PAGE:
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It took four decades and the death of the author of the source material, but Jean-Luc Godard’s detective story Made in U.S.A.is at long last available for screening in the U.S.A. Not long after the film premiered at the 1967 New York Film Festival, Donald E. Westlake, author of The Jugger—which Godard adapted without ever securing the film rights—successfully blocked the film’s distribution until his death in 2008. Since Westlake’s death, this hardboiled enigma starring Anna Karina and Jean-Pierre Léaud has made its way around American cinemas in a restored print from Rialto Pictures. Opening at the new West End Cinema on Friday, Made in U.S.A will be the centerpiece of a trio of Godard features, playing alongside Nouvelle Vague mainstays Breathless and Contempt. Godard was on the cusp of his revolutionary period with Made in U.S.A. Though its plot, starring Karina as a Bogart-esque private eye à la The Big Sleep, is as tough to crack as Howard Hawks’ 1944 masterpiece, the younger Godard’s political leanings trickle out at a steady pace. Karina’s narration is full of anti-Gaullist sentiment speckled with a dose of mistrust in the burgeoning left. The film is purportedly set in Atlantic City—albeit a part of town that looks like a Parisian exurb populated by cops, thugs, and Marianne Faithfull. While Made in U.S.A. can be as maddeningly impenetrable as the works that inspired it, the film remains one of Godard’s finest. The camera, guided by the steady hand of cinematographer Raoul Coutard, mirrors Karina’s emotional claustrophobia with tight framing and unexpected cuts to one of the story’s several murder victims. Filled with artistic trademarks and fraught by ideological uncertainty, Made in U.S.A. is the product of a great filmmaker on the edge of his own upheaval.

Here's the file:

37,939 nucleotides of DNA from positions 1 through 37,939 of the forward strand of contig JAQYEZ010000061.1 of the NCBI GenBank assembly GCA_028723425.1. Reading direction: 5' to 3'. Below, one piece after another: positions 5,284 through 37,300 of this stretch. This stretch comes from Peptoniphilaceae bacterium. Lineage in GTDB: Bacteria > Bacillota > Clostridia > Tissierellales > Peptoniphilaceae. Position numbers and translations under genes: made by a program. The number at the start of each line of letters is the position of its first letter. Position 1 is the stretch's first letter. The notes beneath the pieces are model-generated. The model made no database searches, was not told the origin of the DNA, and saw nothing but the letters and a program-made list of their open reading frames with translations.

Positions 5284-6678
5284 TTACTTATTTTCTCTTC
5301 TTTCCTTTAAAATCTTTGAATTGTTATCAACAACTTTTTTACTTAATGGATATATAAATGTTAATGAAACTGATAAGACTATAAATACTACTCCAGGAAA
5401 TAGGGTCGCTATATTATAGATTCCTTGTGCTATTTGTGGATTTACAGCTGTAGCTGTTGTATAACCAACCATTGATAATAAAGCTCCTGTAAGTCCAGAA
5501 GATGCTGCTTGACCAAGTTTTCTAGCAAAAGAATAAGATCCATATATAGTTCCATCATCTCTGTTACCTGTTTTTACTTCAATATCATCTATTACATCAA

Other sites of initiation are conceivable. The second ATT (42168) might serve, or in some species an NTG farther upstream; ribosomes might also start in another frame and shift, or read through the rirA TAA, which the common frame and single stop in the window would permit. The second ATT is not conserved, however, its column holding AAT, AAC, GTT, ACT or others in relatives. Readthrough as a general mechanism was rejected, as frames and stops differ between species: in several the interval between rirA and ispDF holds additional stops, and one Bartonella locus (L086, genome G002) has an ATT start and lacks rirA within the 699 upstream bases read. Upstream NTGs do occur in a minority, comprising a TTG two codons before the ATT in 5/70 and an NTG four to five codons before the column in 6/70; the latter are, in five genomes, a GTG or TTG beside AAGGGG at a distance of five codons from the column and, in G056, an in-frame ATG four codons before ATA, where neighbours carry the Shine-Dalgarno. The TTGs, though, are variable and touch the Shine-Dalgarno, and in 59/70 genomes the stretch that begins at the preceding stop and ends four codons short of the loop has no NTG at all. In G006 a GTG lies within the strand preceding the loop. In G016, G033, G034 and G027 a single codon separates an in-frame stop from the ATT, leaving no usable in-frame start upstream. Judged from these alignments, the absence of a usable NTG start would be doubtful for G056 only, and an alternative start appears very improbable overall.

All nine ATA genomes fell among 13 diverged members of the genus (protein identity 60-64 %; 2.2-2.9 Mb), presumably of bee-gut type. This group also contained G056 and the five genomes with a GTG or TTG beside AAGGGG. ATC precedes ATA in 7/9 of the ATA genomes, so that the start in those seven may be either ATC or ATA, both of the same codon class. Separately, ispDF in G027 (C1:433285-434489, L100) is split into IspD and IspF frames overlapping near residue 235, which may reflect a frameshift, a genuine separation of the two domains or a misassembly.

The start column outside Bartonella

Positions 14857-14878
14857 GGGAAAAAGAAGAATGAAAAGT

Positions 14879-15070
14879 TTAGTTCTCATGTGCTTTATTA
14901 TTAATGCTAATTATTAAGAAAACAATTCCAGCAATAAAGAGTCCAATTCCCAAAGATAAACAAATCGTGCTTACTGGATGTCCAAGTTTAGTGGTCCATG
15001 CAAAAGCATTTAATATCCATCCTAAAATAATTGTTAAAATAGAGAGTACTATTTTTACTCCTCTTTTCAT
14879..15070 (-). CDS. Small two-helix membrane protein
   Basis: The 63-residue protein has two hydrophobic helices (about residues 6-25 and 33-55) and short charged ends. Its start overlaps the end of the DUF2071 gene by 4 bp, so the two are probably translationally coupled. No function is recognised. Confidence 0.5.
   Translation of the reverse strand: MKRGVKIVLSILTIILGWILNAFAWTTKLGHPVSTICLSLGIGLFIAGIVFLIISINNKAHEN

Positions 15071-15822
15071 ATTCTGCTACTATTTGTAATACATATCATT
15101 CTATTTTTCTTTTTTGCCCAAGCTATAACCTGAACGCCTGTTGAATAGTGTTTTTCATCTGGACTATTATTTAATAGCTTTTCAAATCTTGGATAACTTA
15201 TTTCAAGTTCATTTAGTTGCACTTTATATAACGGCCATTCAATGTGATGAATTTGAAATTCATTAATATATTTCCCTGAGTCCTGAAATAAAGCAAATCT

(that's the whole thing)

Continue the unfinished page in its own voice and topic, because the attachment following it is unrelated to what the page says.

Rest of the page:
THE FILM SCREENS AT 3:30 P.M. AND 7:30 P.M. FRIDAY, DEC. 10 TO THURSDAY, DEC. 16 AT THE WEST END CINEMA, 2301 M ST. NW. $10. (202) 419-3456.